Our ascent began as soon as we crossed the roadway. Soon we joined the Appalachian Trail that winds through the Blue Ridge Mountains. A stone marker with a metal band identified where our loop trail and the main trail split.

We indeed encountered other hikers, some early birds who were on their way down, and others like ourselves who were ready for the rocky trail ahead. As we climbed, we always had to watch our step. The trail consisted of dirt, stones, terraced steps formed by exposed tree roots, and huge rocks.

This slideshow requires JavaScript.

Ascending the summit of Bearfence Mountain is more of a rock scramble than it is a climb. For an 11-year-old, it was child’s play. For a creaky-boned, gimpy-kneed grandfather, it felt like survival.

I struggled to pull myself up the jagged boulders that served as the ridge-top trail. Undulating, rocky outcroppings intermittently protruded above the surrounding forest of oaks, maples, sassafras, wild cherry, and dogwoods.

Davis, on the other hand, bounded catlike up, down, and around the biggest boulders. Rectangular dabs of baby blue paint clearly pointed the way over the exposed bedrock and through narrow crevasses and the many trees. When I dallied, either to catch my breath or to take a photograph, Davis retreated to make sure I was keeping up.

During an easier section of the trail, Davis surprised me with a hiking theory he had developed. He said a team of hikers required five different people.

“You need a photographer,” he said, “who is last in the group because he or she is always taking pictures to document the trip.” I appreciated both his astute observation and his subtle hint at picking up the pace.

A hiking team also needed an explorer to guide the group and who usually took the lead, he continued. I think he had found his calling. The other skilled positions included a writer to record and report about the trip once it is completed, a carrier to tote the equipment, and a collector who gathers samples to research after the expedition.

I thought his comments both profound and practical. However, I quizzed him about the obvious. Weren’t the two of us already doing all of those tasks?

“Oh, yes,” he said. “I guess you’re right. But it’s still easier if you have five.”

As we enjoyed the expansive views of the Shenandoah Valley to the west and ate our snacks, other hikers joined us. Butterflies danced in the forest openings and sunbathed on lichen-covered rocks bordered by wildflowers and bright berries. Davis, of course, kept practicing his hiking team concept by being the explorer. He disappeared and reappeared at will.

I didn’t need to ask my grandson what he thought of the day. Davis’ enthusiasm spoke more ardently than any words could. He had enjoyed the outing as much as his pooped Poppy.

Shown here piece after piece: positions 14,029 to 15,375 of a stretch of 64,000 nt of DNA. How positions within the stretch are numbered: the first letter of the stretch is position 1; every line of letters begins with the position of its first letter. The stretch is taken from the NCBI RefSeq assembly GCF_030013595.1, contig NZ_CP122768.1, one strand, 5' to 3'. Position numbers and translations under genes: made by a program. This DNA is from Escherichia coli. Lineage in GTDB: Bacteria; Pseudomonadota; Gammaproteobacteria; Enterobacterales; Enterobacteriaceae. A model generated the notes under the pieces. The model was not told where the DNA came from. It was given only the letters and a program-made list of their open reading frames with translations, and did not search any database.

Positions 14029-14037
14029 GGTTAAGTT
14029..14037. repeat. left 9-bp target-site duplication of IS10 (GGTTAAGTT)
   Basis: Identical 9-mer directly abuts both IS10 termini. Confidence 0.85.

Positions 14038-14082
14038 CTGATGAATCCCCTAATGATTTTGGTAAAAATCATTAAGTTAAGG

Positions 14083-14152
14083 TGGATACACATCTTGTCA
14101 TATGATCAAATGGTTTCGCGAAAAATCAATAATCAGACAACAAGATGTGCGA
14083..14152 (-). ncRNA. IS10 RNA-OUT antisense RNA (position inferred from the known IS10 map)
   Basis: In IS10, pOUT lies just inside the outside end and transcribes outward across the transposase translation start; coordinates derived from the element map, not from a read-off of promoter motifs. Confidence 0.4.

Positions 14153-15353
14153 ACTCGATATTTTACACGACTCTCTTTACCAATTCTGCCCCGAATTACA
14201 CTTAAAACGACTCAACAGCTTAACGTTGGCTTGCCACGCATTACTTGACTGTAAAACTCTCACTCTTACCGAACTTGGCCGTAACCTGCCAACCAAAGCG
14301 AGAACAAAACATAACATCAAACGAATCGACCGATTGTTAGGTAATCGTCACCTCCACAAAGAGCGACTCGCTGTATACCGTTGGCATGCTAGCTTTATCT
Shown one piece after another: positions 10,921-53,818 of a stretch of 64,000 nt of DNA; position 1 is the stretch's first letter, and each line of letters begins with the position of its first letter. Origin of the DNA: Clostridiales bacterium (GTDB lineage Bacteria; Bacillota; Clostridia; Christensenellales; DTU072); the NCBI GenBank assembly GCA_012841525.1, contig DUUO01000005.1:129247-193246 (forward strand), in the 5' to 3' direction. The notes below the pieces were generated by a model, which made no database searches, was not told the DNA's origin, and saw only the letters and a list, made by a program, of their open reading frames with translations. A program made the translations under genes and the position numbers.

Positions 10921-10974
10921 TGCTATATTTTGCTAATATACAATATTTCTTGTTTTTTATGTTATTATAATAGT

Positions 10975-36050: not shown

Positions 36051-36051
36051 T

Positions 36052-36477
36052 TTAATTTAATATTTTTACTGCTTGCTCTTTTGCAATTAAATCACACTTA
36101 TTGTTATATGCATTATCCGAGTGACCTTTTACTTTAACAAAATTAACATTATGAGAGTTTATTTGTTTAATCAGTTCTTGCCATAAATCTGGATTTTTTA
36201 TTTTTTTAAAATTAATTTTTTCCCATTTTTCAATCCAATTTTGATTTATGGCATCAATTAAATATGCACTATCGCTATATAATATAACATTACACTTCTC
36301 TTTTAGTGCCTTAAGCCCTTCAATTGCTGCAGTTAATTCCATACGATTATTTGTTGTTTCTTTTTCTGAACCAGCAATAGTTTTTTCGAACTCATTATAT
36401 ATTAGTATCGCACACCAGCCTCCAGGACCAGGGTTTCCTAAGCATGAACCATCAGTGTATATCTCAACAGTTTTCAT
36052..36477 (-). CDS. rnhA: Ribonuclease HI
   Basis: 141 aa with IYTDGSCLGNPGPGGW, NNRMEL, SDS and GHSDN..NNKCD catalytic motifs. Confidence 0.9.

Bearfence Mt., Shenandoah NP

The explorer and the photographer.

© Bruce Stambaugh 2017

14 Comments

Filed under column, family, human interest, nature photography, photography, rural life, Shenandoah Valley, travel, Virginia, weather, writing

Under the spell of a majestic mountain

Mt. Rainier, White river

Love at first sight.

By Bruce Stambaugh

Once I saw the mountain I couldn’t stop looking at it. I pulled into nearly every scenic overlook along the circuitous route to Mt. Rainier to gaze at this beauty and take her photograph. She didn’t seem to mind in the least.

It was my first visit to Mt. Rainier National Park. Yet the majestic mountain drew me in like a long, lost friend. The mountain embraced me rather than the other way around. Still, our feelings toward one another were mutual.

Oregon Junco, Mt. Rainier NP

Oregon Junco.

I wasn’t the only one who felt that way. This was a nondiscriminatory attraction. Peoples of all races, religions, cultures, and ages shared the same awe. It showed in their various displays of excitement, photo ops, and quickened pace up well-marked trails.

The weather likely affected my initial reaction. From the time we left friends’ home north of Seattle, Washington, low, thick, gray clouds rolled through the sky. I had visions of not being able to see the peak at all.

As we approached the park’s boundaries, a meteorological switch appeared to have been flipped. The cloud blanket disappeared, and we drove through forests of tall evergreens crowned by clear blue skies.

The chalky waters of the rushing White River contrasted nicely with those greens and blues. The frothy river owed its origin to the melting snow of the magnetic mountain miles away. Its snow-capped peak glistened in the morning sunshine.

This slideshow requires JavaScript.

When we arrived at Paradise Lodge in the mid-afternoon, there was no room at the inn. No worries for us; we had reservations. I just couldn’t find a parking spot so many admirers had gathered at the mountain’s base.

With all this natural beauty, I wasn’t about to complain about such trifles. I explored the many trails that lead away from the visitor center and the lodge while my wife rested. The trails were easily traversed, paved even, at least until they grew steeper up the mountainside.

Consequently, the paths were packed with curious souls like myself. Young and old, pedestrians and those in wheelchairs, all inhaled the luxury surrounding us. Here in the higher altitude, the air was pure, crisp, fresh, delicious even, sweetened with the faint fragrance of blooming wildflowers. Birds chirped and headed for cover as the incredible mountain drew us closer.

Soon, however, the crowd clogged the trail, like a bear jam in Yellowstone National Park. To my surprise, that’s exactly what caused the delay. A young black bear grazed on ripe blueberries only 30 to 50 yards up the slope from the trail. We couldn’t believe our good fortune.